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  • Writer's pictureCourtney N. Moran, LL.M.

Politicians Throwing Stones: Miller Amendment & The House Ag. Committee Farm Bill Markup

Updated: May 29

On Thursday, May 23, the House Agriculture Committee held a long-anticipated markup of the House Farm Bill, H.R. 8467 The Farm, Food, and National Security Act of 2024, which was introduced on May 21.

The Markup lasted over 11 hours, including debates and protests over the $1.5 trillion package. Included in the debates was a controversial Amendment, the "Miller Amendment", which if signed into law will have major consequences for the hemp cannabinoid sector (both intoxicating and non-intoxicating).

Overall, the bill faces serious challenges from agriculture industry stakeholders on various issues. Is the bill expected to pass? Not in its current form, but House and Senate Ag. Committee leadership is incentivized to get this passed while they are in power.

Introduced House Farm Bill

The introduced bill differs in core concepts from the Discussion Draft published May 17, including the sections relating to hemp production.

Provisions relating to hemp production start on page 448.

The base House Farm Bill offers updates to the 2018 Farm Bill language, including:

  • a new definition for industrial hemp including hemp grown for fiber, grain, microgreens, research, and seeds to produce industrial hemp (similar to the language from the Industrial Hemp Act of 2023)

  • requirement for producers to designate the type of production as industrial hemp or hemp grown for any purpose (similar to the Industrial Hemp Act of 2023)

  • new regulatory framework for industrial hemp production verification in State, Tribal, or USDA Plans providing for visual inspections, performance-based sampling methodologies, certified seed, or similar procedures (similar to the Industrial Hemp Act of 2023)

    • includes a requirement that a producer shall provide documentation or undergo a harvest inspection to verify the intent of production (similar to the Industrial Hemp Act of 2023)

    • provides enforcement action of 5-year ineligibility to participate in the program for violations of an industrial hemp production designation (similar to the Industrial Hemp Act of 2023)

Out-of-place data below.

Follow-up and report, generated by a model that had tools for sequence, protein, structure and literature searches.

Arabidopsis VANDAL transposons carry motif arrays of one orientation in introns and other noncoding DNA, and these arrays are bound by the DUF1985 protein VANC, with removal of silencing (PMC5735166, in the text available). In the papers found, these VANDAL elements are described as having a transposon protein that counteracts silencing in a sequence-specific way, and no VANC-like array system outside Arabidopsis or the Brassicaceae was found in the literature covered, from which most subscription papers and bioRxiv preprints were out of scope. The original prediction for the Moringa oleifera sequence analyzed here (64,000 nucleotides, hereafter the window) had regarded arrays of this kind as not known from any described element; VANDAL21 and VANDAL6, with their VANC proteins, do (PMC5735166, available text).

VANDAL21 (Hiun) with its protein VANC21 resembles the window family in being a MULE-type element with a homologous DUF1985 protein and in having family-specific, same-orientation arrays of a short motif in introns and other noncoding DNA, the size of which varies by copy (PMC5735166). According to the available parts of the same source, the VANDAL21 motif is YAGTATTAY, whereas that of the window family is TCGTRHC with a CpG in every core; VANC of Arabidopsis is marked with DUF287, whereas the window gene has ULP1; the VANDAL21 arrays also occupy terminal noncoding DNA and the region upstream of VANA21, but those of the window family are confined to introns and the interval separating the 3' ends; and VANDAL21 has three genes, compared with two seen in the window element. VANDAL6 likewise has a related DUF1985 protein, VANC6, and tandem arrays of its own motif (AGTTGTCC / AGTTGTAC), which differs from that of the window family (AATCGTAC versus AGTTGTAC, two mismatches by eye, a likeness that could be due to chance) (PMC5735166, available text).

• eliminates felony restrictions for those designating only industrial hemp production

  • provides the USDA Secretary with the authority to issue certificates of accreditation to laboratories

Amendment 35- "The Miller Amendment" and the New Definition for "Hemp"

The night before Markup, a slew of Amendments, including Amendment 35 were introduced for discussion and potential inclusion. During the Markup, 19 of these Amendments, including the Miller Amendment were adopted "en bloc" by a "voice vote" rather than a roll call vote on each amendment individually.

Testimony was heard during the Markup in support and in opposition to Amendment 35. Listen to the testimony below: (The following are linked to the YouTube videos of these Member's testimony from the full House Committee markup!)

Testimony in Support of the Miller Amendment:

Testimony in Opposition to the Miller Amendment:

The Miller Amendment:

  • creates a new definition for "Hemp" at 0.3% total THC (including THCA)

    • provides the following Exclusions from the new definition of "Hemp":

      • viable seeds from a plant that exceeds a 0.3% total THC concentration in the plant

      • Hemp-Derived Cannabinoid Products containing:

        • cannabinoids not capable of being produced in the plant

        • cannabinoids capable of being naturally produced in the plant AND were synthesized or manufactured outside the plant

        • As Determined by the Secretary, quantifiable amounts of

          • THC (including THCA)

          • other cannabinoids that have similar effects or are marketed to have similar effects on humans OR animals as THC (as determined by the Secretary)

  • creates a new definition for "Hemp-Derived Cannabinoid Products"